1. Al says:

    Use Verbix Korean. Google it. 🙂


  2. I think I might be able to help you with conjugation. However, I don’t quite understand what is it that you don’t get. There definitely is a pattern but the explanation depends on what you do actually understand about verbs or whether you’re able to identify the verb stem.

    Liked by 1 person

    • jreidy17 says:

      1. I know I can drop the 다 from the infinitive form to get the “unchanged” form. How to figure out the “changed” form is a mystery.

      2. What are the names for the different kinds of conjugations and when do I use them?

      3. What are the patterns to make the conjugations in those different verb tenses?

      polite/common (unchanged form verb stem) + 요

      honorific/formal polite/statement/present tense V(unchanged form – ends with vowel) + ㅂ + 입니다
      V(unchanged form – ends with consonant) + 입니다

      Now, I haven’t checked if those are even real patterns, just wild guesses off the top of my head because I can’t figure this stuff out.

      It has something to do with changed and unchanged form of verbs with something or other added which might depend on whether it ends in a consonant or not. I guess. I don’t know. I can’t see the pattern.

      I need the language to be reduced to a math formula, not just give examples. I guess other people can see the examples and understand. I just can’t make that connection. So I am puzzled and confused. I make random guesses.


  3. I see where you’re at. Before explaining anything else: This link is for conjugating into basic present tense: and for basic past tense:
    I wrote the steps you need to take to be able to use those forms which depends heavily on the last vowel and whether there’s a final consonant or not. So please first read the posts first ^^.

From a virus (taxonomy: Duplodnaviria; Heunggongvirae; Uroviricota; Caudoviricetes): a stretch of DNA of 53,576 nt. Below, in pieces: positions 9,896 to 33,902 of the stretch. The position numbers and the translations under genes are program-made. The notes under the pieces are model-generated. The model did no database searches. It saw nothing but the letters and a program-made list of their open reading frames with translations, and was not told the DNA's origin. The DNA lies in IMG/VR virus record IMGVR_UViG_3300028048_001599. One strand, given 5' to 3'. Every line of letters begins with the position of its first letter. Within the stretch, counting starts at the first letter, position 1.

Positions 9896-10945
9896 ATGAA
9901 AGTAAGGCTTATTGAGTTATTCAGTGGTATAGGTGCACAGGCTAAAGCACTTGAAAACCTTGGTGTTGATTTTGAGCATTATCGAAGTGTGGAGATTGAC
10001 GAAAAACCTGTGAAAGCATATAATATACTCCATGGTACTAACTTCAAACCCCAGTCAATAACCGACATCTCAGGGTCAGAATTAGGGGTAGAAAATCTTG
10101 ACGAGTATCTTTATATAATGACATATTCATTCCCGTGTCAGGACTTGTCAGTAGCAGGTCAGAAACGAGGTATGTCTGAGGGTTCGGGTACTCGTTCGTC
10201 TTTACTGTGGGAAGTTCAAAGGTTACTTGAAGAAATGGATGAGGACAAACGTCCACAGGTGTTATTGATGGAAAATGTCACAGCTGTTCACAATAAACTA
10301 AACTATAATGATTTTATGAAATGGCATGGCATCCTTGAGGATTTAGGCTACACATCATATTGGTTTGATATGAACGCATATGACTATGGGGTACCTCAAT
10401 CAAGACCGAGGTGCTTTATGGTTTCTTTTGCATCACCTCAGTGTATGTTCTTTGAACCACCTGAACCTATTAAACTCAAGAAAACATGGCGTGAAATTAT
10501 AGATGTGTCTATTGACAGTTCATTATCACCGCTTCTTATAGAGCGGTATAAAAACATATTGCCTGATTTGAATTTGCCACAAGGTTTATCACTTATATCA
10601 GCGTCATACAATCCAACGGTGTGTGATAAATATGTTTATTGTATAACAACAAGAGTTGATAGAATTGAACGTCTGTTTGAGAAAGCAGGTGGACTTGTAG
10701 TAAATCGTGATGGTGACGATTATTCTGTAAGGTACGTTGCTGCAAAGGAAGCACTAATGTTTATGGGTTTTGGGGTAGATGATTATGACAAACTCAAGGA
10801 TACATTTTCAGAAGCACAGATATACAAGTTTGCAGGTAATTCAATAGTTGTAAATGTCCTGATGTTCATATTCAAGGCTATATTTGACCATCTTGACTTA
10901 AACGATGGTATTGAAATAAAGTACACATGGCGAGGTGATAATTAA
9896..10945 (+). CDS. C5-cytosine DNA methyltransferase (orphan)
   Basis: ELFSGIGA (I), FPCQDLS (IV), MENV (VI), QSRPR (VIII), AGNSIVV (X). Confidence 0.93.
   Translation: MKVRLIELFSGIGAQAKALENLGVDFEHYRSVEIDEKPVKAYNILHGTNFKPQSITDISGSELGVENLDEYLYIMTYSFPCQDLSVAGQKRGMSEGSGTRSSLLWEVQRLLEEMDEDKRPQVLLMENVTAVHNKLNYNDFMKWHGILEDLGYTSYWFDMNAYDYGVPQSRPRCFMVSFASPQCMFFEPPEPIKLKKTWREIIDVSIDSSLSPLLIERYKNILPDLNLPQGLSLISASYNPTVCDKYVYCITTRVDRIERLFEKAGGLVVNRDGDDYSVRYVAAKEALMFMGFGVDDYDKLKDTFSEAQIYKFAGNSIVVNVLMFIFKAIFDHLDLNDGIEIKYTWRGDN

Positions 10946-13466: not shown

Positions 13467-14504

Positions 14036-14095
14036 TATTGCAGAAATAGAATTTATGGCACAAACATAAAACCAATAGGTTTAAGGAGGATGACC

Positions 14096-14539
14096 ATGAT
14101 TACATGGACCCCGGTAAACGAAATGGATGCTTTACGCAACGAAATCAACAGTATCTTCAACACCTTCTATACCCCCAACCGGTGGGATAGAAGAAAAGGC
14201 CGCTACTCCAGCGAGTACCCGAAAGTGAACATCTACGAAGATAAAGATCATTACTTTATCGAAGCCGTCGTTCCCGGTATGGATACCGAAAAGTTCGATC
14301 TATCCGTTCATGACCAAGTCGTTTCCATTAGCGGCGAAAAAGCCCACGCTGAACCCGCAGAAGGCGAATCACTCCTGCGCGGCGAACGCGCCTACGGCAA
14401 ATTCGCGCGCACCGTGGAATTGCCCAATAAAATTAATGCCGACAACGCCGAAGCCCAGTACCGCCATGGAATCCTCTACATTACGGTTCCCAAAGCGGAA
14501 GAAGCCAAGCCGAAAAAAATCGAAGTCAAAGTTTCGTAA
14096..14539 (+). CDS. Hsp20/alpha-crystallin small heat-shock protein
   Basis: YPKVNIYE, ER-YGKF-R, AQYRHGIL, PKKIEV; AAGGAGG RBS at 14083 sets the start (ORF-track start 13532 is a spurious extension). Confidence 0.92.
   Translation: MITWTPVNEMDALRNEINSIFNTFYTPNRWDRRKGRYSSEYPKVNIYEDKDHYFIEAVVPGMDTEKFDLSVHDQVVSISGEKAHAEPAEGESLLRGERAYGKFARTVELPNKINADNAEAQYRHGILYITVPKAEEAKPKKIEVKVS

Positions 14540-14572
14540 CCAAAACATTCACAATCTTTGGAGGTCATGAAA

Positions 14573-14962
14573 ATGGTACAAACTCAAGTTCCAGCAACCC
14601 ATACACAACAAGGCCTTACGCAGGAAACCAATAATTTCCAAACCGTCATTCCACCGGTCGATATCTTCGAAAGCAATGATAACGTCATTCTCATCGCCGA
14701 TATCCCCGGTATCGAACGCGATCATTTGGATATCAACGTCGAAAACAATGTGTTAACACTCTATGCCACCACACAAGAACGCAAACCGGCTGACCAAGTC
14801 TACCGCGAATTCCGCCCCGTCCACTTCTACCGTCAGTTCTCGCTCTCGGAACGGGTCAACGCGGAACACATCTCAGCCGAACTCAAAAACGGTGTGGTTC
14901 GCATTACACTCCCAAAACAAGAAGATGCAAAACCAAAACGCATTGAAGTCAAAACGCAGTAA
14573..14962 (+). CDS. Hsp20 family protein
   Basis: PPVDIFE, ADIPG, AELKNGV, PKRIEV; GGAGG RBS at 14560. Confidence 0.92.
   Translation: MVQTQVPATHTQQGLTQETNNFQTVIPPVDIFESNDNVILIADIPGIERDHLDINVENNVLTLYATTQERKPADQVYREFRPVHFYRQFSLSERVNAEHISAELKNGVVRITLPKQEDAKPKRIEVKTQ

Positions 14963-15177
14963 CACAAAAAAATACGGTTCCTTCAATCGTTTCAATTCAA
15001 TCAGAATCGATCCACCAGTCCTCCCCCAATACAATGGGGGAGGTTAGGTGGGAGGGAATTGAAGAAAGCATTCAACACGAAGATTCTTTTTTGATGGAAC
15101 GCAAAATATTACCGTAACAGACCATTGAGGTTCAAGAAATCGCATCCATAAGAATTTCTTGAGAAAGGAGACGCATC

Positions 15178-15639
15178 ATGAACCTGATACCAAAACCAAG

To be honest, there’s just 3 normal conjugations (past, present and future) while the other “endings” are just the moods or modal of the verb (moods being the attitude of the speaker and modal works like an auxiliary verb). Let’s take for example the list you made of 쓰다.
    쓰다 is the basic dictionary form.
    씁니다 is 쓰+ ㅂ니다 (because it ends in a vowel) and it is still in present tense but written in a politer way (also widely used for beginners of Korean to write essays)
    쓰세요- 쓰+ (으)세요=쓰세요 (the 으 is only used if there’s a final consonant) and it is still in present tense but in a imperative form (mood).
    써- this is present form of informal way of writing or speaking (it just drops the -요)
    썼어요- 쓰+었/았어요=썼어요. This is the basic past tense and because the final vowel is ㅡ get’s eliminated but because you still have 어 it becomes 써 plus the tense so it becomes 썼어요.
    쓸거예요- 쓰+ ㄹ/을 거예요 (this is the basic future tense) and because it ends in a vowel you only add ㄹ (을 is used only when it the verb stem ends in a consonant).
    *You will want to either learn how to write in 요 or ㅂ니다/습니다 (the latter being the easiest) so you don’t get confused thinking they’re different (they’re just different in politeness levels but not in a grammatical sense)
    I think you got more or less the gist of conjugating but I guess they haven’t explained how do you do it. I am bit more like you in the sense that I need formulas so I can understand but sometimes you just need to let it soak in (my motto is: don’t question it, just do it). Also, try sticking with conjugating present tense till you get it so you can continue onto the others.
    I hope I was able to help and if you have more questions or doubts or just want to check your progress with conjugation, feel free to PM me or keep commenting ^^.

    Liked by 1 person